There are two ways of creating layout on iOS. First, using readymade storyboard provided by Xcode when you create a new project. And second, by manually creating a UIViewController subclass and assigning it to UIWindow object as a rootViewController in AppDelegate class.

However, things have changed since Xcode 11 and later versions. We no longer need to create and assign viewController in AppDelegate file. All the magic of programmatically creating a layout now happens in SceneDelegate.swift/.m file. Let's see how.

Steps for using programmatic layout eliminating the requirement of storyboard file for projects running on  Xcode 11 and later

Let's say you've already created a project by going through following lifecycle,

  1. File -> New
  2. Select Project
  3. Choose Single View App
  4. Enter Product Name
  5. Press Next and create a project under appropriate directory

Once you open a project, you will see a familiar folder structure as follow,

Please note that the steps I am going to describe next apply to both Swift and Objective-C projects

Since we are going to use programmatic layout, we won't need Main.storyboard file. So let's eliminate it first.

  1. Right click Main.storyboard file -> Delete -> Remove References to eliminate it

Since we deleted storyboard file, we also need to eliminate its reference from Info.plist file. So next select Info.plist file under your main project structure.

Here we will delete two entries which include Main.storyboard file description. They are both annotated in red rectangle

  1. Storyboard Name under Scene Configuration
  2. Main Storyboard file base name entry

Select both rows and delete them and run the app.

What do you see now? A blank screen?

This is expected because you manually deleted storyboard file, but did not provide a programmatic alternative for displaying view controller. That's why the RootViewController associated with UIWindow object is nil and thus displays a blank screen with no content. Let's fix this problem for both Swift and Objective-C projects.

Swift

With Xcode 11 and up, the UIWindow object is now part of SceneDelegate.swift class and NOT of AppDelegate.swift. So open up the file SceneDelegate.swift and add the following code to existing func scene(_ scene: UIScene, willConnectTo session: UISceneSession, options connectionOptions: UIScene.ConnectionOptions) lifecycle method.


    // SceneDelegate.swift

    guard let scene = (scene as? UIWindowScene) else { return }
    window = UIWindow(windowScene: scene)
    let viewController = ViewController()
    viewController.view.backgroundColor = .red
    window?.rootViewController = viewController
    window?.makeKeyAndVisible()

Objective-C

If you're working on Objective-C project, it follows the similar approach with just a change of syntax. Open up SceneDelegate.m file and add following code to existing - (void)scene:(UIScene *)scene willConnectToSession:(UISceneSession *)session options:(UISceneConnectionOptions *)connectionOptions lifecycle method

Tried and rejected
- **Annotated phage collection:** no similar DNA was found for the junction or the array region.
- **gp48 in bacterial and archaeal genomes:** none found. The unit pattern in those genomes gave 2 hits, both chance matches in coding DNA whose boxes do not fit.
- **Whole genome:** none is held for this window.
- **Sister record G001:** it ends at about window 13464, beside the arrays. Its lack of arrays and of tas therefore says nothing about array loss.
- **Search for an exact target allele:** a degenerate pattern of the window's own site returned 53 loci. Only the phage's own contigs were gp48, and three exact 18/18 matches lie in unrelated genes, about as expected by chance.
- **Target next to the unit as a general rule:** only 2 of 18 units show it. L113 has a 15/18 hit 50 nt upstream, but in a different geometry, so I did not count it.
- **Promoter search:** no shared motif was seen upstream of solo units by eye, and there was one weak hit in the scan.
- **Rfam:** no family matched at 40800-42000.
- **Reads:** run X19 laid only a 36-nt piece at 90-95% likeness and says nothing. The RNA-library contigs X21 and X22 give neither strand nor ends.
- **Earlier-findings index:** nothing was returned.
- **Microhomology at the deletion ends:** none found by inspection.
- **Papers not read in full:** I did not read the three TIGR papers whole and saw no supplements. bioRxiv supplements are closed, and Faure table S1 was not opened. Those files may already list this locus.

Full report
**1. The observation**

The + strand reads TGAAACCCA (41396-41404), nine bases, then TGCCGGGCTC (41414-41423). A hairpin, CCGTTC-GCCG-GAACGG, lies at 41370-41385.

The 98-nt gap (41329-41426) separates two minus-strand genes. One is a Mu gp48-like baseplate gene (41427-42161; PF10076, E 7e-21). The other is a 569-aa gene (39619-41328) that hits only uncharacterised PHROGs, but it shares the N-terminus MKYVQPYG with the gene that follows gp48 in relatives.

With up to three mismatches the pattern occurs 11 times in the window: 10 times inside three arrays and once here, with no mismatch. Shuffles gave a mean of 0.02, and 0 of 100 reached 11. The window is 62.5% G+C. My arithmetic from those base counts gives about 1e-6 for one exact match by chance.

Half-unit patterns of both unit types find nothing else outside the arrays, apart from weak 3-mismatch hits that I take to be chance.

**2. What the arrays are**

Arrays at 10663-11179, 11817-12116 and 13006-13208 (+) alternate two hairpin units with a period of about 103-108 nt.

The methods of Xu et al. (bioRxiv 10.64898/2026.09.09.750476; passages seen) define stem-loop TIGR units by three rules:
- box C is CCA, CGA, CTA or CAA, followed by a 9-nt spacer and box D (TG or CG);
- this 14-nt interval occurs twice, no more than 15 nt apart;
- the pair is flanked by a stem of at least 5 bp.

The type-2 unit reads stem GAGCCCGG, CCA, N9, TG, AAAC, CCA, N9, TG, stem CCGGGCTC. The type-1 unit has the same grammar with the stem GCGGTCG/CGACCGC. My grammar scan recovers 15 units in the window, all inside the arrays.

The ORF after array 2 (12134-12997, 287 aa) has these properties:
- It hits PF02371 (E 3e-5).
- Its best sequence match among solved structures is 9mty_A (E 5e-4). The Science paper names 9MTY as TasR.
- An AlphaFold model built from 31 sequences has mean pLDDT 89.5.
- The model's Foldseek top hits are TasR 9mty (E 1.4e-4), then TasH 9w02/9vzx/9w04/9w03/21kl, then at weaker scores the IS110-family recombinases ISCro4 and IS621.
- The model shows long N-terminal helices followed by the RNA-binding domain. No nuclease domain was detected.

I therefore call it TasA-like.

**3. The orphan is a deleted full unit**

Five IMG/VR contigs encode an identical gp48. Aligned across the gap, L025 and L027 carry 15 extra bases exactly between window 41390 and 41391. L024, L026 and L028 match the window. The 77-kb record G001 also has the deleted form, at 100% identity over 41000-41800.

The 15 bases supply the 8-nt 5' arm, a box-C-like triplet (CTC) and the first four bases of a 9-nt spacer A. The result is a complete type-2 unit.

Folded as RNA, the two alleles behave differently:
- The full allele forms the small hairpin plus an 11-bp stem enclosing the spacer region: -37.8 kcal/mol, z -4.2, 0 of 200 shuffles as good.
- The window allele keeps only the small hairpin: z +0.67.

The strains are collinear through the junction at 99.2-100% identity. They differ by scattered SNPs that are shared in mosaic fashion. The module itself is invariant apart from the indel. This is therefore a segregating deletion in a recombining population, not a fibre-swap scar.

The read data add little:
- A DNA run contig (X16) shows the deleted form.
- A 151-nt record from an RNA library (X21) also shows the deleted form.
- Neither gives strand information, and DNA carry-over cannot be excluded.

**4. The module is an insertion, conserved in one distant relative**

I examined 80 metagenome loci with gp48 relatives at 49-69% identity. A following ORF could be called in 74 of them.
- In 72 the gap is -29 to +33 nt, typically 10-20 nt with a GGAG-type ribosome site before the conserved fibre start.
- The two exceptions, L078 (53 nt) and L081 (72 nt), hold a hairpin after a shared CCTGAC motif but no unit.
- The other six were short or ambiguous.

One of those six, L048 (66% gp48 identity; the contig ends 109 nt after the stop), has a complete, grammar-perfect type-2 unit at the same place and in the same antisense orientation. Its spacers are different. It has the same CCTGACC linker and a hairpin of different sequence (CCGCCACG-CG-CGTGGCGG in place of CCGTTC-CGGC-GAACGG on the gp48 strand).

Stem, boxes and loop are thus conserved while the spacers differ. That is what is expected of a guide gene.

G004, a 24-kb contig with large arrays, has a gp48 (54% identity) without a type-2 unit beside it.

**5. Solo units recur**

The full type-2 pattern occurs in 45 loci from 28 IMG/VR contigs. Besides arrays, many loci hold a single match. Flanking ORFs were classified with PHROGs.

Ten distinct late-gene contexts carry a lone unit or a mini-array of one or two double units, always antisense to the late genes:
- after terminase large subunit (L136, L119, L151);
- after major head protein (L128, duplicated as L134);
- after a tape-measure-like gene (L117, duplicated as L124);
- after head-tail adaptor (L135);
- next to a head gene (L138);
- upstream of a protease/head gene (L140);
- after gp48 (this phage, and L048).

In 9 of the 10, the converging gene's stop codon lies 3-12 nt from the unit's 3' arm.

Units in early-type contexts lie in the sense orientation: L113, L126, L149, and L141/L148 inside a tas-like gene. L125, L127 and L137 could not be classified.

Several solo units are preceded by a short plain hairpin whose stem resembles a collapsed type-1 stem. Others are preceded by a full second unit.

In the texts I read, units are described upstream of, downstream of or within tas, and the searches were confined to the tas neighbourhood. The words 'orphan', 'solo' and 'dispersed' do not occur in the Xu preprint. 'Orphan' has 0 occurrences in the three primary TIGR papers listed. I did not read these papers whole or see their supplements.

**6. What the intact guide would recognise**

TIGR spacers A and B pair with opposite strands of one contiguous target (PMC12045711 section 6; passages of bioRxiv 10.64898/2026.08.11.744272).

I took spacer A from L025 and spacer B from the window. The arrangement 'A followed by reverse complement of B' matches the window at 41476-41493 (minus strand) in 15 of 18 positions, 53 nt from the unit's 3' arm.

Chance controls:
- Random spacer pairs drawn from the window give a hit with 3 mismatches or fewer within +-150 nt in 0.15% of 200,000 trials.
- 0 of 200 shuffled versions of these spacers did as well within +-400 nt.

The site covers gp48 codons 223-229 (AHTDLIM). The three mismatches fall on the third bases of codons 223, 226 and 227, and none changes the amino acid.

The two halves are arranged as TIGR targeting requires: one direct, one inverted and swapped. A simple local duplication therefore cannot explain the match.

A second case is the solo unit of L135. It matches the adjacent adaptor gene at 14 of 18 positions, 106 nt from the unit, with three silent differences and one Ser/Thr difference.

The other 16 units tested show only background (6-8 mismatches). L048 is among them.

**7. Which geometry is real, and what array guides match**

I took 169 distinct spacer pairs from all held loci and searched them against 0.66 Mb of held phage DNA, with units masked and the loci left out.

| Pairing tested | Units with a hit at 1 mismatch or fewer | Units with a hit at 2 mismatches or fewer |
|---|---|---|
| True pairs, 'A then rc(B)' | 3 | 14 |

// SceneDelegate.m

    _window = [[UIWindow alloc] initWithWindowScene:(UIWindowScene *)scene];
    ViewController *viewController = [[ViewController alloc] init];
    viewController.view.backgroundColor = [UIColor redColor];
    _window.rootViewController = viewController;
    [_window makeKeyAndVisible];

Summary:

  1. When app starts, it automatically calls the lifecycle method willConnectToSession on startup
  2. Through this method, we have access to internal UIWindowScene object which is utilized to initialize UIWindow object
  3. We initialize UIWindow object by passing UIWindowScene object through the initializer
  4. Next we programmatically create the instance of desired UIViewController object (Please note that this being a programmatic initialization, you have to provide a custom initializer by either passing no parameters or required set of parameters necessary to create a ViewController instance)
  5. We also changed the background color of view controller to be able to verify that we're using the correct ViewController class
  6. Assign this viewController to rootViewController property associated with window object on SceneDelegate class
  7. Call makeKeyAndVisible on window object so that we can show and make this window as a key window

And that's all you need to know to create an app through programmatic means on iOS running on Xcode 11 or above (Irrespective of whether you're using Swift or Objective-C for app development). With just a few lines of code, you can assign any viewController you would like to act as a RootViewController associated with window object. It's very easy, convenient and avoids the merge conflict hell emerging from multiple teams using the same storyboard file and simultaneously pushing changes